Across the British Isles, public discourse in recent months has centred on the United Kingdom’s place within the European Union. The two political campaigns at the heart of the debate – Vote Leave and Vote Remain – have engaged in a bitter war of words as each camp argue their case for and against the UK’s membership in the EU.
Within the industry, general consensus leans toward the UK staying in the EU, with two of pharma’s biggest players, AstraZeneca and GlaxoSmithKline, recently signing a letter declaring their preference to remain. On this, experts have argued that if the UK left the EU, the cost to start-up and conduct trials would sky rocket, thereby damaging the UK’s clinical trials market.
Meanwhile, the much maligned EU Clinical Trials Directive (CTD), established in 2001 (adopted in 2004), has been used by those in the leave campaign as a prime example of why UK clinical research would fare better outside the confines of the EU. Critics argue the directive has created a lot of bureaucracy in application procedures making the UK uncompetitive in the market. And critics have a point. After the CTD was implemented in 2004, research in the UK declined at an alarming rate. For instance, between 2000 and 2003, non-commercial trials dropped from 600 to fewer than 300 trials between 2004 and 2007.
Since the CTD, the European Medicines Agency (EMA) has sought to harmonise the EU’s regulatory framework in an effort to make it more integrated. With the EMA introducing updated regulations (due to take effect in October 2018), a new submission process will seek to ease the regulatory burden on trial sponsors with the creation of one centralised portal. This would enable sponsors to carry out multi-site trials across the EU with a single application.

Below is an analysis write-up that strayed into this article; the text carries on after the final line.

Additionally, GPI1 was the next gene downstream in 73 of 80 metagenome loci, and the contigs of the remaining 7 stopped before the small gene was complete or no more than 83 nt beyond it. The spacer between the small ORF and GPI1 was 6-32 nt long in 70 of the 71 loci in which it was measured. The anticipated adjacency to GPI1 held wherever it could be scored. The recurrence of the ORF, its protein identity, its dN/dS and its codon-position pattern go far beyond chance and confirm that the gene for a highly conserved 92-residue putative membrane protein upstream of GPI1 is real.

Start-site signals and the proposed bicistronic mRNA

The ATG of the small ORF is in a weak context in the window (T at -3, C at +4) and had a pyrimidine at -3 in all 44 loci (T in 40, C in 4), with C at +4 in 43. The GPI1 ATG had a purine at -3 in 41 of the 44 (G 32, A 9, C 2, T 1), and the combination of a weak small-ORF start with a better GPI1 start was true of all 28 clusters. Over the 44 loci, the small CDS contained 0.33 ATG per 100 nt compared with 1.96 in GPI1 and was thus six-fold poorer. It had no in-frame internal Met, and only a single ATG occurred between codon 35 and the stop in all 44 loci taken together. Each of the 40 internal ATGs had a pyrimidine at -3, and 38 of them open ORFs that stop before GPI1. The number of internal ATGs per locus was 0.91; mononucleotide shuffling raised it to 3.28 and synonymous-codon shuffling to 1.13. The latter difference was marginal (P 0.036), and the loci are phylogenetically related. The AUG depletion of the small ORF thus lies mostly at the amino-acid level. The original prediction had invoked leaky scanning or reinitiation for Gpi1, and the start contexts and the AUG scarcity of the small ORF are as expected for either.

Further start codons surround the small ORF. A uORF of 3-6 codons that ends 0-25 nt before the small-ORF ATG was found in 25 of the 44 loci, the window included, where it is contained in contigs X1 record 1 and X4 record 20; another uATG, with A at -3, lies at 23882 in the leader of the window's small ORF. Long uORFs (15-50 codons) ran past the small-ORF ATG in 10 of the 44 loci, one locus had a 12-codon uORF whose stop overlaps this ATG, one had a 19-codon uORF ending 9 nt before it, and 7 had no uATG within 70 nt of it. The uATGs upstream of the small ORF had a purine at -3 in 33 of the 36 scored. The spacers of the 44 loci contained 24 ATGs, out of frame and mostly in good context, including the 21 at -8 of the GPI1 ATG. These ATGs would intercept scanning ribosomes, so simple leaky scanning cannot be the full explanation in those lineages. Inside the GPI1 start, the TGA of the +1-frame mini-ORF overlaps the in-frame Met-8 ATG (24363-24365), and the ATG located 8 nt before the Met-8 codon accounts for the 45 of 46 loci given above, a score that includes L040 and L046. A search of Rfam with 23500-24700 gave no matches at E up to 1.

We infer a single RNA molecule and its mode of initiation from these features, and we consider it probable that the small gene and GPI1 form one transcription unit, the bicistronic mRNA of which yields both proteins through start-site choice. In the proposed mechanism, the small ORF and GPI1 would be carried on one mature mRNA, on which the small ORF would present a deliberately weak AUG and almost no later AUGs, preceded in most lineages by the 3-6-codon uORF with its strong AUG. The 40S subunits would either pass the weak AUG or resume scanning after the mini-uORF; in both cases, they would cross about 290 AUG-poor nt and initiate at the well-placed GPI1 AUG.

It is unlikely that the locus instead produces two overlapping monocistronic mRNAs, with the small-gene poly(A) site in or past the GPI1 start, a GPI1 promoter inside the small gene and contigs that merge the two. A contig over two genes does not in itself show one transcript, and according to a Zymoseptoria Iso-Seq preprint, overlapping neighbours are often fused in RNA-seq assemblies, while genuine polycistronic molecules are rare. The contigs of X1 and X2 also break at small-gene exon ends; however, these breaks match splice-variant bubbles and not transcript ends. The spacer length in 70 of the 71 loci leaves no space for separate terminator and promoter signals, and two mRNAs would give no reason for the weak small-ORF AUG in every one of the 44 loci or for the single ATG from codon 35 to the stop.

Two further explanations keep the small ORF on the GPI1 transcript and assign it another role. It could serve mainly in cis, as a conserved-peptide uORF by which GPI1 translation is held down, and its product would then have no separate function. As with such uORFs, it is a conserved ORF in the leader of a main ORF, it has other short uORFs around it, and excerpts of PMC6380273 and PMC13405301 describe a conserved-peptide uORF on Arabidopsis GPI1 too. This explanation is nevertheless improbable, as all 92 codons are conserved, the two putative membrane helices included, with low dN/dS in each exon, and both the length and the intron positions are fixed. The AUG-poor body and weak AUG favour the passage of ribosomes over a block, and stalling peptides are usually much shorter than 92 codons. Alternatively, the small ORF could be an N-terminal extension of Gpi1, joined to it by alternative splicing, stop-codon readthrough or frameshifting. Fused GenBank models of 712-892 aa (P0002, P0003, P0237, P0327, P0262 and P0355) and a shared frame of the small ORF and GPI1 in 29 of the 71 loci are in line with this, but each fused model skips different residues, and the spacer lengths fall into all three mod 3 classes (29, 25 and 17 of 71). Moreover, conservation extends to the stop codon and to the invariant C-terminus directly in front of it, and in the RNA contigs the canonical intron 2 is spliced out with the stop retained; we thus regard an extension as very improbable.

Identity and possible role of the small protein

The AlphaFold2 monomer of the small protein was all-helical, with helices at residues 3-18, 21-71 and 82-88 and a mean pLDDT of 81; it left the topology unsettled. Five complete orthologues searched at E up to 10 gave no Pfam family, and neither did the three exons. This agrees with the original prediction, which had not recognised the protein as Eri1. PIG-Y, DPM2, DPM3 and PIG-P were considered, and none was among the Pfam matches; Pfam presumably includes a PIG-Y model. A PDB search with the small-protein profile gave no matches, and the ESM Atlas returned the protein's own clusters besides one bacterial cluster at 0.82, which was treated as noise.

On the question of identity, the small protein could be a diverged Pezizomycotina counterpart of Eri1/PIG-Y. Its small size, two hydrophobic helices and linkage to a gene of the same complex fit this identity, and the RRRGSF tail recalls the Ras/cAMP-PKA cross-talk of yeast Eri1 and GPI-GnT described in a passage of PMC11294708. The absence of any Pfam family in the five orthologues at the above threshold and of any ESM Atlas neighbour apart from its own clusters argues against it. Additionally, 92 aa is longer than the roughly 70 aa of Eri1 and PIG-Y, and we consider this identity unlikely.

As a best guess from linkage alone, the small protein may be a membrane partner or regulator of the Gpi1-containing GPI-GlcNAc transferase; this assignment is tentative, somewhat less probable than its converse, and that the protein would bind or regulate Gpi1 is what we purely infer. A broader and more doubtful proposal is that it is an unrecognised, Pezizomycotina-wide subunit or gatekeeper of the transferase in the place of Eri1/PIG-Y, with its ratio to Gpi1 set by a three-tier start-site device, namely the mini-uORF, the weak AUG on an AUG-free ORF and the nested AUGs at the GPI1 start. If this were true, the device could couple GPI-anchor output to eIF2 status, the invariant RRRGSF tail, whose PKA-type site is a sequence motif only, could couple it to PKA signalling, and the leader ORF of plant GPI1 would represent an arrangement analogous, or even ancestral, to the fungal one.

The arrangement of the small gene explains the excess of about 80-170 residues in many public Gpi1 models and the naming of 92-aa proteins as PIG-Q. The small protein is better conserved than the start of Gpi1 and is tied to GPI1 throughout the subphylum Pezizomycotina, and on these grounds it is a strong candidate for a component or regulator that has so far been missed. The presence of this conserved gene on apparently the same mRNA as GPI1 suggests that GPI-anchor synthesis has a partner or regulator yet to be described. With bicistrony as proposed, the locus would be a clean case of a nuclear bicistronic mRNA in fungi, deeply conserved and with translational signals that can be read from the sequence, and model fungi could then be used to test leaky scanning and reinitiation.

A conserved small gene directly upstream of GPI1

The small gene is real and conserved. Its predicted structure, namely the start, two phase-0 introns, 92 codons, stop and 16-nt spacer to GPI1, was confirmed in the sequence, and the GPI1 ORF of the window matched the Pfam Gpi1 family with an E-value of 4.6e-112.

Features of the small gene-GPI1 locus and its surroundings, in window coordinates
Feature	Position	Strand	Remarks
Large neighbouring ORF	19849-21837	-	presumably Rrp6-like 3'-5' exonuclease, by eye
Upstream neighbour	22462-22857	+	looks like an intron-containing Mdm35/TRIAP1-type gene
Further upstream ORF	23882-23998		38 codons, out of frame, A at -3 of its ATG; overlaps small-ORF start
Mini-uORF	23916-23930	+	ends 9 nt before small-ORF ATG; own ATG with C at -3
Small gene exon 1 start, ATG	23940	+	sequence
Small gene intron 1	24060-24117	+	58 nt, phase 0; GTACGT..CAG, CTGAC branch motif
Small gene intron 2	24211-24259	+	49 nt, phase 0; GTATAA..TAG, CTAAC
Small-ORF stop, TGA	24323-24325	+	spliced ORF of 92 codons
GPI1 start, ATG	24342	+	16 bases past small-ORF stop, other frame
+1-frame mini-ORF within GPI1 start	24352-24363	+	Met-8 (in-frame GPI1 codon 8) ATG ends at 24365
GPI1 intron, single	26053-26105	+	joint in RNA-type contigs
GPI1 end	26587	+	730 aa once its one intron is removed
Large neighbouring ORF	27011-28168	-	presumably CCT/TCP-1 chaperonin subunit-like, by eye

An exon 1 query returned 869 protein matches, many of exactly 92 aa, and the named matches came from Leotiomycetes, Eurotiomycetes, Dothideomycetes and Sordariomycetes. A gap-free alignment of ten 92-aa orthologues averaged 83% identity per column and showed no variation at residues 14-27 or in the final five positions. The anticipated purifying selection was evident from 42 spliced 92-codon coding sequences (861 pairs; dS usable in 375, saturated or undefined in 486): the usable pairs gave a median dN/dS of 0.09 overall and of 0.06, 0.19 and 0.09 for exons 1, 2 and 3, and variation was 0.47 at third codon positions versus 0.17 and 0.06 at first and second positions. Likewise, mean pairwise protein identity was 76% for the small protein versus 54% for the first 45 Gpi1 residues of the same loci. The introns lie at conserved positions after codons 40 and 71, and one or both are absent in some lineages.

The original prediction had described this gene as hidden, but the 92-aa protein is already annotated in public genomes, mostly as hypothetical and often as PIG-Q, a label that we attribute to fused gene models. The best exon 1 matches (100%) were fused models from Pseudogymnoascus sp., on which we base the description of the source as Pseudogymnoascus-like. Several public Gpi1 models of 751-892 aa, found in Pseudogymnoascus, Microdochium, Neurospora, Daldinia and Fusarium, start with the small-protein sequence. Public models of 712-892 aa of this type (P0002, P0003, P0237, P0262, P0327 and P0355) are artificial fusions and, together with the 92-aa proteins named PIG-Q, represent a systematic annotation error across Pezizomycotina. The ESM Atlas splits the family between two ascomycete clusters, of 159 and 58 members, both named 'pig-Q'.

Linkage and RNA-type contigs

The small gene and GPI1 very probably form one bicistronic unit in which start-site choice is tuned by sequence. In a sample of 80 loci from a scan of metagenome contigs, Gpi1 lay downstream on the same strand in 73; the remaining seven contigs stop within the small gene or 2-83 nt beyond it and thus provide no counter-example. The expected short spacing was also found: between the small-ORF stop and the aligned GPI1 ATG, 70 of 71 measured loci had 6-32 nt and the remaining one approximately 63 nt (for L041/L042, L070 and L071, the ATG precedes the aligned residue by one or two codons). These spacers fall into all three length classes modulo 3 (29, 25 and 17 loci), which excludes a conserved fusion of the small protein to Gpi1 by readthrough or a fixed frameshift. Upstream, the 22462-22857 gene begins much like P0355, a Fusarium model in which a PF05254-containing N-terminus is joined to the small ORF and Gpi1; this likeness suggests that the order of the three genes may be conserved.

Industry ‘Remainers’ have cited these upcoming changes, as a key determinant why the UK must stay in the EU. Indeed, much of the industry has queried how a Brexit could impact clinical research from a regulatory standpoint. There are fears that if the UK left the EU and were forced to submit applications outside of the EU’s framework, this could have a deleterious effect on UK clinical research as a whole.
Nevertheless, when it comes to non-EU countries operating within EMA rulings, there is precedent. While Liechtenstein, Norway and Iceland – all members of the European Economic Area (EEA) – already abide by the EMA’s clinical trial regulations, it shows this could be the course the UK adopts if pollsters choose to leave.
With the referendum fast approaching on June 23rd, the overall result could have far-reaching implications for clinical research in the UK. A vote to remain in the EU, then it’s as you were. But if the UK votes to leave, could that place clinical research in a regulatory quandary? That remains to be seen.
We wait with baited breath…
Photo Credit: Jeff Djevdet via speedpropertybuyers.co.uk/
Astra and Glaxo sign Letter, Pharma Forum – http://pharmaphorum.com/news/astrazeneca-and-glaxo-sign-letter-warning-of-european-exit
What would Brexit mean for UK Clinical Research?, Pharmaceutical Technology – https://www.pharmaceutical-technology.com/features/featurewhat-would-brexit-mean-for-uk-clinical-research-4824855/
Europe’s framework for Clinical Trials is good news for UK Scientists – https://www.theguardian.com/science/political-science/2016/feb/19/europes-framework-for-clinical-trials-is-good-news-for-uk-scientists-and-patients
EU in or out? What a pro-Brexit vote could mean for UK medical device companies – https://medtechengine.com/article/brexit-uk-medical-device-companies/